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Digital Archive International History Declassified

September 26, 1985

CABLE NO. 2459, AMBASSADOR KURODA TO THE FOREIGN MINISTER, 'MEETING OF JAPANESE FOREIGN MINISTER AND US SECRETARY OF STATE (SHAMIR'S VISIT TO JAPAN)'

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    This telegram to the Foreign Minister from Ambassador Kuroda of Japan summarizes US Secretary of State Shultz and Minister Abe’s options on a recent visit to Japan by Israeli Foreign Minister Shamir.
    "Cable No. 2459, Ambassador Kuroda to the Foreign Minister, 'Meeting of Japanese Foreign Minister and US Secretary of State (Shamir's Visit to Japan)'," September 26, 1985, History and Public Policy Program Digital Archive, Diplomatic Archives of the Ministry of Foreign Affairs of Japan, File No. 2017-0631. Translated by Stephen Mercado. https://digitalarchive.wilsoncenter.org/document/270634
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    https://digitalarchive.wilsoncenter.org/document/270634

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Number: R131750

Primary: North American Affairs Bureau Director-General

Sent: United Nations, September 26, 1985, 20:35

Received: MOFA, September 27, 1985, 09:49

To: Foreign Minister      

From: Ambassador Kuroda

Meeting of Japanese Foreign Minister and US Secretary of State (Shamir’s Visit to Japan)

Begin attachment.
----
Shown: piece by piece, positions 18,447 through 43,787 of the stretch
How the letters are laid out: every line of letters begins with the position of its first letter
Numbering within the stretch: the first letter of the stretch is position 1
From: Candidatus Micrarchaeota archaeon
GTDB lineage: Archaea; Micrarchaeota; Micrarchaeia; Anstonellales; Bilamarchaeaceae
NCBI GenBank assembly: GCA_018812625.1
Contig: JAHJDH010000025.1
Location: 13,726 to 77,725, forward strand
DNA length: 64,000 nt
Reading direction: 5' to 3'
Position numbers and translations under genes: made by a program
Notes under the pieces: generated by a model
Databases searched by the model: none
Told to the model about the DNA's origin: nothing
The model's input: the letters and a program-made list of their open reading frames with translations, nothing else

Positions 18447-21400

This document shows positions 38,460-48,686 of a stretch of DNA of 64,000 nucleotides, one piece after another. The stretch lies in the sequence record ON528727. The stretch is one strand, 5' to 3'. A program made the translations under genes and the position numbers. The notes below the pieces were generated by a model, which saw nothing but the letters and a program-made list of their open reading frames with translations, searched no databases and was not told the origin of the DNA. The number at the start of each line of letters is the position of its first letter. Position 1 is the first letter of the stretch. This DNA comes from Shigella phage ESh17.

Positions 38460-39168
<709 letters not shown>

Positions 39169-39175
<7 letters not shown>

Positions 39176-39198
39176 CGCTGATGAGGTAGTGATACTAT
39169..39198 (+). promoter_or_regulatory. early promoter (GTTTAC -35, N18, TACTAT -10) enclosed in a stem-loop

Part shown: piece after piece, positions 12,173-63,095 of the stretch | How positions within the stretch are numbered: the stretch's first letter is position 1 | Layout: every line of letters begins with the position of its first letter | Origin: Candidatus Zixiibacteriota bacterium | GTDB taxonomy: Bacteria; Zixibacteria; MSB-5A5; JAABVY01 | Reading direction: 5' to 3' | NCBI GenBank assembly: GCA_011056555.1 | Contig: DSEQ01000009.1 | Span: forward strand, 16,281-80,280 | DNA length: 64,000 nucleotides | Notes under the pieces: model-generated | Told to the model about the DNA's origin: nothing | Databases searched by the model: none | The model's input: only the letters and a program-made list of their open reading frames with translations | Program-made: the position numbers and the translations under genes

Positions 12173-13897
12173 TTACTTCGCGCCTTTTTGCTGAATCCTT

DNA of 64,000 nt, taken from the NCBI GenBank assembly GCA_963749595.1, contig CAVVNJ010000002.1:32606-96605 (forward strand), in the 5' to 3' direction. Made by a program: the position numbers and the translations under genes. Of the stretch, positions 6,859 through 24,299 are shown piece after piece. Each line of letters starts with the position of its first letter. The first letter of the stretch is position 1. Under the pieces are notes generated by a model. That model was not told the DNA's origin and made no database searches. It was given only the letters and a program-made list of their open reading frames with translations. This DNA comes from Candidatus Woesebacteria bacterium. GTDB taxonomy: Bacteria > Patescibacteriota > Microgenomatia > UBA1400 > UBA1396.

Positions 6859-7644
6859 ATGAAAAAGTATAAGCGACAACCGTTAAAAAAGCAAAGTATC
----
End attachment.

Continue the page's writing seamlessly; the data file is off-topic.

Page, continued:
No. 2459 Secret Top Urgent

(Limited Distribution)

Outgoing Telegram No. 2455 Separate Telegram Section 4

1. Secretary Shultz said that he was impressed by the visit to Japan of Israeli Foreign Minister Shamir. He thought that it was good for Israel and that the positive response in the United States was good for Japan. He stated that it was good that Minister Abe made an effort for the visit to Japan.

2. In response, Minister Abe said that the visit to Japan was the first official visit of an Israeli foreign minister to Japan. That in itself was appreciated by Israel. There was not necessarily an agreement of views on everything, but there was an agreement to continue the dialogue. He thought that there was merit in promoting relations between Japan and Israel for Japan’s contribution to the Middle East problem and such. He stated that the Arab countries had opposed the visit to Japan and that to the end there had been pressure to stop it, but that Japan had explained “the need for continued dialogue.”

Passed to United States, Israel (End)

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